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properties, magical power, ability to save beings in all directions of space,—all this (have I got) after having come to Devadatta. I announce to you, monks, I declare to you: This Devadatta, the monk, shall in an age to come, after immense, innumerable Æons, become a Tathâgata named Devarâga (i. e. King of the gods), an Arhat, &c., in the world Devasopâna (i. e. Stairs of the gods). The lifetime of that Tathâgata Devarâga, monks, shall measure twenty intermediate kalpas. He shall preach the law in extension, and beings equal to the sands of the river Ganges shall through him forsake all evils and realise Arhatship. Several beings shall also elevate their minds to Pratyekabuddhaship, whereas beings equal to the sands of the river Ganges shall elevate their minds to supreme, perfect enlightenment, and become endowed with unflinching patience. Further, monks, after the complete extinction of the Tathgata Devarâga, his true law shall stay twenty intermediate kalpas. His body shall not be seen divided into different parts (and relics); it shall remain as one mass within a Stûpa of seven precious substances, which Stûpa is to be sixty hundred yoganas in height and forty yoganas in extension[1]. All, gods and men, shall do worship to it with flowers, incense, perfumed garlands, unguents, powder, clothes, umbrellas, banners, flags, and celebrate it with stanzas and songs. Those who shall turn round that Stûpa from left to right or humbly salute it, shall some of them realise Arhatship, others attain pratyekabuddhaship; others, gods and men, in immense number, shall raise their minds to supreme, perfect enlightenment, never to return.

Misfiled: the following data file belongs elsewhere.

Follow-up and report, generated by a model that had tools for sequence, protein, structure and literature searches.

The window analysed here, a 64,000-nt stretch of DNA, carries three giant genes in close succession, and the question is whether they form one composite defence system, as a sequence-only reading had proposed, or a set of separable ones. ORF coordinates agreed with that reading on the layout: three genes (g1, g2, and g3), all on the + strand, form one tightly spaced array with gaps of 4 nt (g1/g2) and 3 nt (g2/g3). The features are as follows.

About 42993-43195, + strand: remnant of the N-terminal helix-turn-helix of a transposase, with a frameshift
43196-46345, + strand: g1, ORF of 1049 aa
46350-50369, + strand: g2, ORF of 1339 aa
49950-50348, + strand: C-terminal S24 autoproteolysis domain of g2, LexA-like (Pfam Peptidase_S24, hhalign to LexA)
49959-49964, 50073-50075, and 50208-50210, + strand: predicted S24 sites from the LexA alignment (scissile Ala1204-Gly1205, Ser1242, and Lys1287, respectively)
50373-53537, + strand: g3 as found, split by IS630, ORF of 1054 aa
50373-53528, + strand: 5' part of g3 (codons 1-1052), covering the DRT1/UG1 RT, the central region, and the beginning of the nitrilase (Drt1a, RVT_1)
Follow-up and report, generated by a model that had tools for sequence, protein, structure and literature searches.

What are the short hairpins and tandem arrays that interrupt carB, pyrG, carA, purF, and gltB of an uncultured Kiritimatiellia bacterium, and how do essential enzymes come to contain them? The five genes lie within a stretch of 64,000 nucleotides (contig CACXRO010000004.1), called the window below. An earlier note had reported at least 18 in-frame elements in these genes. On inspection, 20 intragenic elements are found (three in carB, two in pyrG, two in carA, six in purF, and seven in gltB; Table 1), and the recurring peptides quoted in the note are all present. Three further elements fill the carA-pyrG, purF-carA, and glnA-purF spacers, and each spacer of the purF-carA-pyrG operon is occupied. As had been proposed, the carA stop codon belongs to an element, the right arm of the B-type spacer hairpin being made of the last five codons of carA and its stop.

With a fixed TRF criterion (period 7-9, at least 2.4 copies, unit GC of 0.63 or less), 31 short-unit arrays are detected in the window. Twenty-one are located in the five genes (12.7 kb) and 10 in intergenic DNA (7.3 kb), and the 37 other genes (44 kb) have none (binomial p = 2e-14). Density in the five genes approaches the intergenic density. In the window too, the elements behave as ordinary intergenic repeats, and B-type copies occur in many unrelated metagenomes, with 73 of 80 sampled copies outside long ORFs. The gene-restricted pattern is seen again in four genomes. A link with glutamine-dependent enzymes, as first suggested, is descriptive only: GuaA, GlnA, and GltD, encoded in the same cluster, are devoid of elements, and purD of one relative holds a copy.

1. Âyâmena, which also means length.